When the presumed number 1 overall pick calls you “the best player he’s ever played with”, you’d think that your draft stock would rise right? Unfortunately (or fortunately for KC), Edwards-Helaire is once again being underrated by draft analysts and NFL scouts. Right now Clyde is projected to go anywhere from the mid to late 2nd round and if the Chiefs are presented the opportunity to trade up and snag him, they should not hesitate to do so.
A lackluster combine performance and a 5′ 7″ frame might bring up some red flags to the untrained eye, but a quick look at his game film will leave no doubt in your mind that this prospect is something special. Clyde has Le’Veon Bell like ballcarrier vision, incredible agility, out of this world instincts, and all the fundamental skills required to make defenders think twice about committing to his first cut. Not only does he have the capability to run the ball, but his ability to catch the ball out of the backfield is really what sets him apart. Clyde regularly catches the ball with his hands extended away from his body.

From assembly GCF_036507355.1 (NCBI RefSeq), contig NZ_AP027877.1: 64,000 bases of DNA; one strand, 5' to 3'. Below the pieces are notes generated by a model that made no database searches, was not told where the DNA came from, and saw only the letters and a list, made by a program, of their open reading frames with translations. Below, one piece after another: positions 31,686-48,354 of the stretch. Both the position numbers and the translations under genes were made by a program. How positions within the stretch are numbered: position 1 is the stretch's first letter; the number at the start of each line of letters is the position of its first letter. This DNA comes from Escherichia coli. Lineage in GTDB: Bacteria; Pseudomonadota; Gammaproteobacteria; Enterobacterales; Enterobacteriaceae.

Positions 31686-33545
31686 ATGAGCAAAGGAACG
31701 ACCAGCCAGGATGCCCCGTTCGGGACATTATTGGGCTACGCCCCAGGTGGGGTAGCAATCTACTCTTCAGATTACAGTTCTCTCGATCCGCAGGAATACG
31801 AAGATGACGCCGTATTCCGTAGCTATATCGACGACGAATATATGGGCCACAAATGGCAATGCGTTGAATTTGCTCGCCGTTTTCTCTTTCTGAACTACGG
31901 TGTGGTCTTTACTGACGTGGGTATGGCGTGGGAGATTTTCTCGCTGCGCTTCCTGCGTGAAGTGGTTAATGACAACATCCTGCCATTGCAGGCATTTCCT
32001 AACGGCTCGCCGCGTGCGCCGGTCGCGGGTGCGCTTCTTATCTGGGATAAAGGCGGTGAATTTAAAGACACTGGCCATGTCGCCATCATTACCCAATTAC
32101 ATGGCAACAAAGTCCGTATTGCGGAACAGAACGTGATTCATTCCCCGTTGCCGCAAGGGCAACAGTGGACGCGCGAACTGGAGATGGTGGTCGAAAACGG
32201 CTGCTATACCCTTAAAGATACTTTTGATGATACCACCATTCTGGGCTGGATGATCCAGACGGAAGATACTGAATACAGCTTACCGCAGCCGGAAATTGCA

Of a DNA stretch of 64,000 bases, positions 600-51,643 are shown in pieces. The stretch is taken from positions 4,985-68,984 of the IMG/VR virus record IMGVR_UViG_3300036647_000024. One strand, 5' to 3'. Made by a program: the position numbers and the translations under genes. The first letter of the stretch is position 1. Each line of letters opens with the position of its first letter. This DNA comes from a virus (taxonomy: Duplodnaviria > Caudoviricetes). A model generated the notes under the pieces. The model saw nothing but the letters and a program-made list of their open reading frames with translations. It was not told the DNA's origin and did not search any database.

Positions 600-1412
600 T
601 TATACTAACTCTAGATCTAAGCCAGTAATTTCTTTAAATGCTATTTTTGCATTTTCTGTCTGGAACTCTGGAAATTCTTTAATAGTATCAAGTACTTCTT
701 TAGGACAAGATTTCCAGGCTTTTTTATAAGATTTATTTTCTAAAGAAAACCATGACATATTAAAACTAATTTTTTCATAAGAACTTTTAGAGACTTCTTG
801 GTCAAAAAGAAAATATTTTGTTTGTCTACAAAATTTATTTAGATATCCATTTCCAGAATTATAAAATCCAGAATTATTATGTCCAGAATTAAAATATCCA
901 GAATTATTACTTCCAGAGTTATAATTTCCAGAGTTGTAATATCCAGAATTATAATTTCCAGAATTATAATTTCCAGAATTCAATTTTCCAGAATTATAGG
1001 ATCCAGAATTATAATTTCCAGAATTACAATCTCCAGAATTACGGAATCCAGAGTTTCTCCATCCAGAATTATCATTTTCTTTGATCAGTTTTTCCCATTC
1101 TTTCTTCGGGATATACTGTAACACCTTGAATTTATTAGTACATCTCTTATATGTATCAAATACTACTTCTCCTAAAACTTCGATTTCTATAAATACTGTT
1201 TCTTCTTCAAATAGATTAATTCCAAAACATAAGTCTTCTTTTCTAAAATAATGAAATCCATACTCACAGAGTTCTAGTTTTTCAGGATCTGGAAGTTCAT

A staple of the KC offense is the zone run scheme, which has been underutilized over the past season and a half to say the least. Zone run schemes require the RB to be able to improvise, read LBs, and make quick cuts without hesitation. Clyde did all of this and more when running the primarily gap run scheme at LSU. His small frame and incredible agility allows him to patiently run behind the offensive line, feel how the defense is shifting, and burst through for chunks of yards at a time. However, KC is not known for their running game. Clyde’s hands out of the backfield and ability to make plays in space is what makes him the perfect three down running back for KC. One more chess piece on the offense to help Andy Reid’s “beautiful mind” camouflage all the crazy new plays he’s cooked up over the quarantine would take KC’s offense from legendary to the greatest of all time.